HUD files charges against Facebook over alleged ad discrimination

Shawn Knight

TechSpot Staff
Staff member

The Department of Housing and Urban Development (HUD) on Thursday filed charges against Facebook for violating the Fair Housing Act by “encouraging, enabling and causing housing discrimination” through its advertising platform.

Specifically, HUD alleges Facebook allowed advertisers to exclude people that the social network classified as parents, non-American-born, non-Christian, interested in accessibility, interested in Hispanic culture and a variety of other interests. Furthermore, the charge alleges Facebook allowed advertisers to exclude people based on the neighborhood they live in by “drawing a red line around those neighborhoods on a map” and giving advertisers the ability to show ads only to men or only to women.

HUD Secretary Ben Carson said using a computer to limit a person’s housing choices can be just as discriminatory as slamming a door in someone’s face.

The Fair Housing Act prohibits discrimination in housing and in housing-related services such as online advertisements based on race, color, national origin, religion, sex, disability or familial status.

A spokesperson for Facebook told Axios that they were surprised by HUD’s decision as they’ve been working with them to address their concerns and have taken significant steps to prevent ads discrimination. “We're disappointed by today’s developments, but we’ll continue working with civil rights experts on these issues,” the spokesperson added.

Lead image courtesy designer491 via Shutterstock. Second image courtesy Carlos andre Santos via Shutterstock

Permalink to story.



TS Evangelist
I'll say it again: Facebook, Youtube and Twitter are PRIVATE (say it with me) PRIVATE entities and they are basically allowed to censor anything they want.

The first Amendment says "CONGRESS shall make no law".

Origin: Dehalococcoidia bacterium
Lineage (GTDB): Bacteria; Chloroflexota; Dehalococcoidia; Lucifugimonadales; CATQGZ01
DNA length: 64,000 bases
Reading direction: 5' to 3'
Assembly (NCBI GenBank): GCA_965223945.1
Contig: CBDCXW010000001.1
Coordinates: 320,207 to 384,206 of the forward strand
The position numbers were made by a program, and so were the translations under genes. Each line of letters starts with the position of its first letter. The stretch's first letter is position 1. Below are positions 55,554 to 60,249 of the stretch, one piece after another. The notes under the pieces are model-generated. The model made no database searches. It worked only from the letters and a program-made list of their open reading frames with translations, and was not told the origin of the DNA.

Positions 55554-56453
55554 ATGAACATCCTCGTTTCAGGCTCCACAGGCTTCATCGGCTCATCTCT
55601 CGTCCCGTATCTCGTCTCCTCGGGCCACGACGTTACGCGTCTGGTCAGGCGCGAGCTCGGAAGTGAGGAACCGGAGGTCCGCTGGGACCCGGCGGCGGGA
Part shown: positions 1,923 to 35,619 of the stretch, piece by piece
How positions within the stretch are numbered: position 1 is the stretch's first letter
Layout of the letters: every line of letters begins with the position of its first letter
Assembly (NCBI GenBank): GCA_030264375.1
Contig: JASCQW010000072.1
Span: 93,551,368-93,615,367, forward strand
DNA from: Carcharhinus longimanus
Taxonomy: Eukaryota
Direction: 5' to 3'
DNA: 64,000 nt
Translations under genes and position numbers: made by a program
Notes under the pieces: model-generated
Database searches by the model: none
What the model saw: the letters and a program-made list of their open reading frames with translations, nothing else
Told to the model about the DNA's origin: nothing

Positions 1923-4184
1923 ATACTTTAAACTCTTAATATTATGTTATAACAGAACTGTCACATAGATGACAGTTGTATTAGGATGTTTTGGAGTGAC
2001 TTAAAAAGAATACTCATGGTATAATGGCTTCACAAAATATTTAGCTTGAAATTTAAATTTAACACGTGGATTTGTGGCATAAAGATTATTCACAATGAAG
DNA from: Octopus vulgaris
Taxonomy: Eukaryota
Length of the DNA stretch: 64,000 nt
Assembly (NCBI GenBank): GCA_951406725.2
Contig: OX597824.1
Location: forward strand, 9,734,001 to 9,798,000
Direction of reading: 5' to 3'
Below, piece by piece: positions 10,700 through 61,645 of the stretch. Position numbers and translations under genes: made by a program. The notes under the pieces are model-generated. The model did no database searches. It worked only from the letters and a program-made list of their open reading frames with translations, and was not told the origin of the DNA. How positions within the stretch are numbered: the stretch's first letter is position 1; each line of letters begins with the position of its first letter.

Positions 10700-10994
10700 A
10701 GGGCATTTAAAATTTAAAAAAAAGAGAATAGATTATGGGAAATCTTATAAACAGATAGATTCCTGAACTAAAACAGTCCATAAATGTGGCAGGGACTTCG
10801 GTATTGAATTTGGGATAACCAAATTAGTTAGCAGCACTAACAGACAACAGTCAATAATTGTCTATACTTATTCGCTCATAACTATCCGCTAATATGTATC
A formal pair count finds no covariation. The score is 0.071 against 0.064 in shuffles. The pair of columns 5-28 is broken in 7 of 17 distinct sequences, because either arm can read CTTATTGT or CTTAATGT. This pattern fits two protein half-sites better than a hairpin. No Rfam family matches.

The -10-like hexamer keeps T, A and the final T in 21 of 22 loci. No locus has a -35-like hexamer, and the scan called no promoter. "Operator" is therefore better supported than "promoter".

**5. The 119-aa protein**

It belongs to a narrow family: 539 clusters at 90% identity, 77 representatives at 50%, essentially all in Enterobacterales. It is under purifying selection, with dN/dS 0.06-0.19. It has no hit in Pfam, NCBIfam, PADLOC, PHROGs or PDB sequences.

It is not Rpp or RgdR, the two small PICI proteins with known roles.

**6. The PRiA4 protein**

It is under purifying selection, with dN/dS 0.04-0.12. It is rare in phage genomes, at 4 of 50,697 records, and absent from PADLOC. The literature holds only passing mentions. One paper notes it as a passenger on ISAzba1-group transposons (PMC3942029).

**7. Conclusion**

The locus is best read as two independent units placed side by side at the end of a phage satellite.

Facebook, Twitter and Youtube ain't CONGRESS.

You know who ISN'T allowed to censor?

apparently the .GOV means that it's part of the GOVERNMENT and they are under CONGRESS and can't censor.


TS Evangelist
Ummm it's marketing... you typically go after a target audience and not everyone on the globe. It get HUD's concern, but going after Facebook instead of the person/company doing the ad is kind of lazy of HUD IMO.
  • Like
Reactions: brucek
Ok, I get why there was discrimination against most of those groups as there are people who don't want to live near someone who's not like them, but parents? What's the market demand for that? No yelling kids (get offa my lawn!)? No new parents driving with 5 hours of sleep in the past week? DINKs spend more money at local businesses? Just wondering what the economic drive for that selection was.

Uncle Al

TS Evangelist
@QuantumPhysics - Actually, while the law says as you quoted, it also says that when businesses openly engage with public / private agencies they also agree to comply with the governments standards. That was part of the basis for the decision that D. Trump could not randomly block people he didn't like from seeing his tweets. While this is a bit different, it is applicable. For instance, if a landlord accidentally rents to a HUD participant he is legally obligated to continue to rent to that party as long as they (them or HUD) pays their rent on time, etc, etc. They also opened the door when they accepted the first Ad, etc. on that particular subject. They should simply have banned it all together, but since that has an affect on their cash flow, they accepted it anyway.

Also, in as much as some of those companies sell stock, they are no longer private but are considered public companies and are legally bound, as such.


TS Guru
This seems like quite a reach to me.

Not paying to advertise to is not at all equivalent to not willing to sell to. If they're listed on MLS or any local equivalent that'd be enough evidence to me that they are open to all interested buyers.

And even if you bought that it was somehow beneficial to society to not try to connect products to buyers most likely to be interested in them, I'd still place that responsibility on the actual advertiser (the person who paid for the ads and specified the targeting characteristics) vs. a multi-faceted advertising platform that advertises lots of other products other than housing. It smells too much like trying to target a deep pocket vs. actually targeting someone who is most directly responsible for "discriminating."